Oct 17, 2018

Google to charge for Android apps in Europe

Photo: Google

Google said it plans to start charging device makers that want to offer its Play Store and other key Android apps in Europe.

Why it matters: The move follows a European Commission order that Google stop bundling its search engine and browser with its Android apps and store, a ruling Google is appealing, along with the accompanying $5 billion fine.

The big picture: In the past, Google offered all its software free, but if you wanted any of its components — say, YouTube or the Play Store — you had to take the full suite, including search, Chrome, the Play Store and a variety of other Google apps. That remains the situation everywhere else on Earth besides Europe (and China, where Google doesn't offer its apps and store).

The details: Google plans to make three big changes to Android licensing in Europe while it appeals the ruling. The changes are effective Oct. 29 for all new smartphones and tablets launched in the European Economic Area.

  1. It will lift a restriction that prevents those selling compatible Android devices from also offering non-compatible (forked) Android devices.
  2. Device makers will be able to offer Google's suite of Android apps without also bundling its search app and Chrome browser. It will separately license Chrome and Search, but only to those who pay for the other apps.
  3. It will charge an unspecified fee for the bundle of apps, including the Play Store.

The core Android operating system (sans Google apps, search and app store) will remain free and open source.

Our thought bubble: On its surface, the move reflects the economic reality that search is where Google makes its money on Android, which it has historically offered free of charge to device makers.

  • The move could create some incentive for hardware makers to create devices without Google's apps and store, although historically devices that have done so have not fared well, with the exception of China. Amazon's Kindle Fire line has been a rare success story, though Amazon also flopped pretty spectacularly with its Fire phone, which lacked Google's apps and store.
  • Google will still share revenue with hardware makers that do use its search and browser, paying for prominent position. In some cases the revenue might offset the fee for using Google apps, but in some cases it might not.
  • Others, such as Microsoft, might also be willing to pay to prominently offer their search instead of Google.

Other voices:

  • The Verge's Tom Warren: "Google’s new licensing fee for Android in Europe is a clear admission it’s not open source and free. You pay with your data, or you pay a license fee. ... Get ready for devices bundled with apps so device makers can get the license fee cost back."
  • Former Microsoft Office and Windows boss Steven Sinofsky: "This all sounds so familiar. I can’t quite put a finger on it …"

Go deeper

Trump touts press briefing "ratings" as U.S. coronavirus case surge

Photo: Drew Angerer/Getty Images.

President Trump sent about a half-dozen tweets on Sunday touting the high television ratings that his coronavirus press briefings have received, selectively citing a New York Times article that compared them to "The Bachelor" and "Monday Night Football."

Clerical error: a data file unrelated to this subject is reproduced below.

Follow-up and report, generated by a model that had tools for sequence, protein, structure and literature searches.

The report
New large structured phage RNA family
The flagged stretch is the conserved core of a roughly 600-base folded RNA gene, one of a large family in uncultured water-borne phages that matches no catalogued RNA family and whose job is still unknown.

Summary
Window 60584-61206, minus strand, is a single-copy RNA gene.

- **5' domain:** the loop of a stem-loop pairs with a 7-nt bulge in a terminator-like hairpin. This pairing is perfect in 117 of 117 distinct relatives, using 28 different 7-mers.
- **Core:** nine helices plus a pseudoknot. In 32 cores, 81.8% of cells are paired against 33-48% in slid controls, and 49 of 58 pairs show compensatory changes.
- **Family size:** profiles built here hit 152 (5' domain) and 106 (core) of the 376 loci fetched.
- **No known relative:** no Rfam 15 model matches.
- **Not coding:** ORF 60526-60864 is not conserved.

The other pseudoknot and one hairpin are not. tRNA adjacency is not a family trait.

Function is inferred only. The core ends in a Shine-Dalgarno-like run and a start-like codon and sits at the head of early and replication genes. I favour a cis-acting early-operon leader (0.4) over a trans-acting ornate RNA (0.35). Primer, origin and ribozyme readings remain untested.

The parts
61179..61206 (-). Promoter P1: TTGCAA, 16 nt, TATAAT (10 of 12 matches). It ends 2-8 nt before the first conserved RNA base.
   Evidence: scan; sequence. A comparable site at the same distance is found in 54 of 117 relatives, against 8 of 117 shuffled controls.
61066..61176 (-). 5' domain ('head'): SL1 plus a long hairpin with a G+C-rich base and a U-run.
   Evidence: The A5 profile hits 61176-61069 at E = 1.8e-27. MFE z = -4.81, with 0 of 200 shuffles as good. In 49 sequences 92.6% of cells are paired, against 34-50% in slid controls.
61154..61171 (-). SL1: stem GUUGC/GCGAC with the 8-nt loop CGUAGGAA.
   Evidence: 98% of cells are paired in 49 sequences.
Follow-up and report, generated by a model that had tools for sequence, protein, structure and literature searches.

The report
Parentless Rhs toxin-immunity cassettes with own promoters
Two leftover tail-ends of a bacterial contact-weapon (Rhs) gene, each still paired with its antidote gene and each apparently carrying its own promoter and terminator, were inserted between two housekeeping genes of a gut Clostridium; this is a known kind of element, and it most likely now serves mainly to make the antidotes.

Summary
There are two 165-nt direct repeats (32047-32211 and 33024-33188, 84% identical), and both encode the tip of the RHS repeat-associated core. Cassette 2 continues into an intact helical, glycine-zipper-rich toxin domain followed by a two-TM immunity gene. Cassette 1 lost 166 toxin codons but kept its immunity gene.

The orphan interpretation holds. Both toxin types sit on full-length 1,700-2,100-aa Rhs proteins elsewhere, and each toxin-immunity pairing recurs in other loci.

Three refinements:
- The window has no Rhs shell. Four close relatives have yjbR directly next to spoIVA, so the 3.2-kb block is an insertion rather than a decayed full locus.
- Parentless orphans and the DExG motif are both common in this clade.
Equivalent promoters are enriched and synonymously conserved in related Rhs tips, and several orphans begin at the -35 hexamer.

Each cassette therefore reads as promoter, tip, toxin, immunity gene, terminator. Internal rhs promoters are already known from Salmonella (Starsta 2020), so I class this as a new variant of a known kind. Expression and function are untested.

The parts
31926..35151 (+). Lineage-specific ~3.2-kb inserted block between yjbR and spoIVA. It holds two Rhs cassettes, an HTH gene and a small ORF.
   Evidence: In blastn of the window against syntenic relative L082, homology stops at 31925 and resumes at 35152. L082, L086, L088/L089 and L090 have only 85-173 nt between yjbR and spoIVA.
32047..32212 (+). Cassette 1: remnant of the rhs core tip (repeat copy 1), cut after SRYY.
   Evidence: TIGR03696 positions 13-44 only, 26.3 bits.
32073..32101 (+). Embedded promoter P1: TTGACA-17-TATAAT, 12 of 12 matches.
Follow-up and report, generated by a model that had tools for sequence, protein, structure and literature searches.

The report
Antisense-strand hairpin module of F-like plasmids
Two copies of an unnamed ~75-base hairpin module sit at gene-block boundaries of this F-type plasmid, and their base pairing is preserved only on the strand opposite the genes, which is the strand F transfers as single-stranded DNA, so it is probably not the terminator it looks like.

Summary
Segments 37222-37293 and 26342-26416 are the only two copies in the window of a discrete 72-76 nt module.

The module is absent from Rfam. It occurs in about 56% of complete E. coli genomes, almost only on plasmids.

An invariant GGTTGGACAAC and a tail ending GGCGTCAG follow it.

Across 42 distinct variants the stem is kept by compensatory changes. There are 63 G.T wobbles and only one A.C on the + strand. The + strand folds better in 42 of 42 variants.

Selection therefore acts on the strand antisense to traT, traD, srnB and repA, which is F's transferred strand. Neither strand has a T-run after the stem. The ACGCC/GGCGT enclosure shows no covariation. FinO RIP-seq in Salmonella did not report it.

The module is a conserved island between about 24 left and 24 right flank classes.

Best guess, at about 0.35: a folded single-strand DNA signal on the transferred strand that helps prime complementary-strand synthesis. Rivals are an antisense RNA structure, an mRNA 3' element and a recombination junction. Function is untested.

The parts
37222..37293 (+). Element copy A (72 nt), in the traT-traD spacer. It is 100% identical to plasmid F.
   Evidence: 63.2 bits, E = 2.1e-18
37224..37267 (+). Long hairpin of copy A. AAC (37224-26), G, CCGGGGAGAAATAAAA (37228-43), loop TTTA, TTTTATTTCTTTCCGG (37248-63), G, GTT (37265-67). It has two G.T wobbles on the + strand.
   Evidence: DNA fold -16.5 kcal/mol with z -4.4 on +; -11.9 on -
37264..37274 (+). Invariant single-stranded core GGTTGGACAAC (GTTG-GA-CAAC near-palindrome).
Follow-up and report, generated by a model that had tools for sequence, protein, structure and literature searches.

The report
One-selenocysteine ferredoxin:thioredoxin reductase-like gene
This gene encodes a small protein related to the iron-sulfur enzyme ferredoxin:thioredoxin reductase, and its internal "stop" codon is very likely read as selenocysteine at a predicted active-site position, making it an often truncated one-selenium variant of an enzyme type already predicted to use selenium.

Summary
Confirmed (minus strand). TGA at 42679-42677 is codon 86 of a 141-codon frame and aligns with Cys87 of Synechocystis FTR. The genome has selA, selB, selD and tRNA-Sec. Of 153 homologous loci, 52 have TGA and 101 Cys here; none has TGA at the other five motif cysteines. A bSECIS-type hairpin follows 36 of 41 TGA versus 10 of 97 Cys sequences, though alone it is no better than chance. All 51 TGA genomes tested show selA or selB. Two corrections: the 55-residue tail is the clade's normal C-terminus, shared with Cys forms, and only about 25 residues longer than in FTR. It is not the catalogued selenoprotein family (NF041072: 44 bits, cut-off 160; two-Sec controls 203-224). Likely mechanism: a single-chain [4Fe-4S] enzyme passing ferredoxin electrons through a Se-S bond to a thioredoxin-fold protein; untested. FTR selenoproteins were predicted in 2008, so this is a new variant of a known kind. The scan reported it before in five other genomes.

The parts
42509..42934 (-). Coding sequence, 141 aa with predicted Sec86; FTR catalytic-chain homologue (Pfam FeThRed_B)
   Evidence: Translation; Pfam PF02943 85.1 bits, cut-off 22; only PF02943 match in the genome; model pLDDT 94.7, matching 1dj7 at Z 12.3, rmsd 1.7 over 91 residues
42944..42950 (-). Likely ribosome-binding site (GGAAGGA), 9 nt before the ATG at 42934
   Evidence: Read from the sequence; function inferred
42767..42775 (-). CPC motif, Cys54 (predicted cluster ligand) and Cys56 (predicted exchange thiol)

Why it matters: The president has been holding daily press briefings in the weeks since the coronavirus pandemic was declared, but news outlets have struggled with how to cover them live — as Trump has repeatedly been found to spread misinformation and contradict public health officials.

World coronavirus updates: Total cases surge to over 700,000

Data: The Center for Systems Science and Engineering at Johns Hopkins, the CDC, and China's Health Ministry. Note: China numbers are for the mainland only and U.S. numbers include repatriated citizens and confirmed plus presumptive cases from the CDC

There are now than more than 700,000 confirmed cases of the coronavirus around the world, according to data from Johns Hopkins. The virus has now killed more than 32,000 people — with Italy alone reporting over 10,000 deaths.

The big picture: Governments around the world have stepped up public health and economic measures to stop the spread of the virus and soften the financial impact. In the U.S., now the site of the largest outbreak in the world, President Trump said Saturday he would issue a "strong" travel advisory for New York, New Jersey and parts of Connecticut.

Go deeperArrowUpdated 46 mins ago - Health

Coronavirus dashboard

Illustration: Sarah Grillo/Axios

  1. Global: Total confirmed cases as of 2 p.m. ET: 704,095 — Total deaths: 33,509 — Total recoveries: 148,824.
  2. U.S.: Leads the world in cases. Total confirmed cases as of 2 p.m. ET: 132,637 — Total deaths: 2,351 — Total recoveries: 2,612.
  3. Federal government latest: The first federal prisoner to die from coronavirus was reported from a correctional facility in Louisiana on Sunday.
  4. Public health updates: Fauci says 100,000 to 200,000 Americans could die from virus.
  5. State updates: Louisiana governor says state is on track to exceed ventilator capacity by end of this week — Cuomo says Trump's mandatory quarantine comments "really panicked" people
  6. World updates: Italy on Sunday reported 756 new deaths, bringing its total 10,779. Spain reported almost 840 dead, another new daily record that bring its total to over 6,500.
  7. What should I do? Answers about the virus from Axios expertsWhat to know about social distancingQ&A: Minimizing your coronavirus risk
  8. Other resources: CDC on how to avoid the virus, what to do if you get it.

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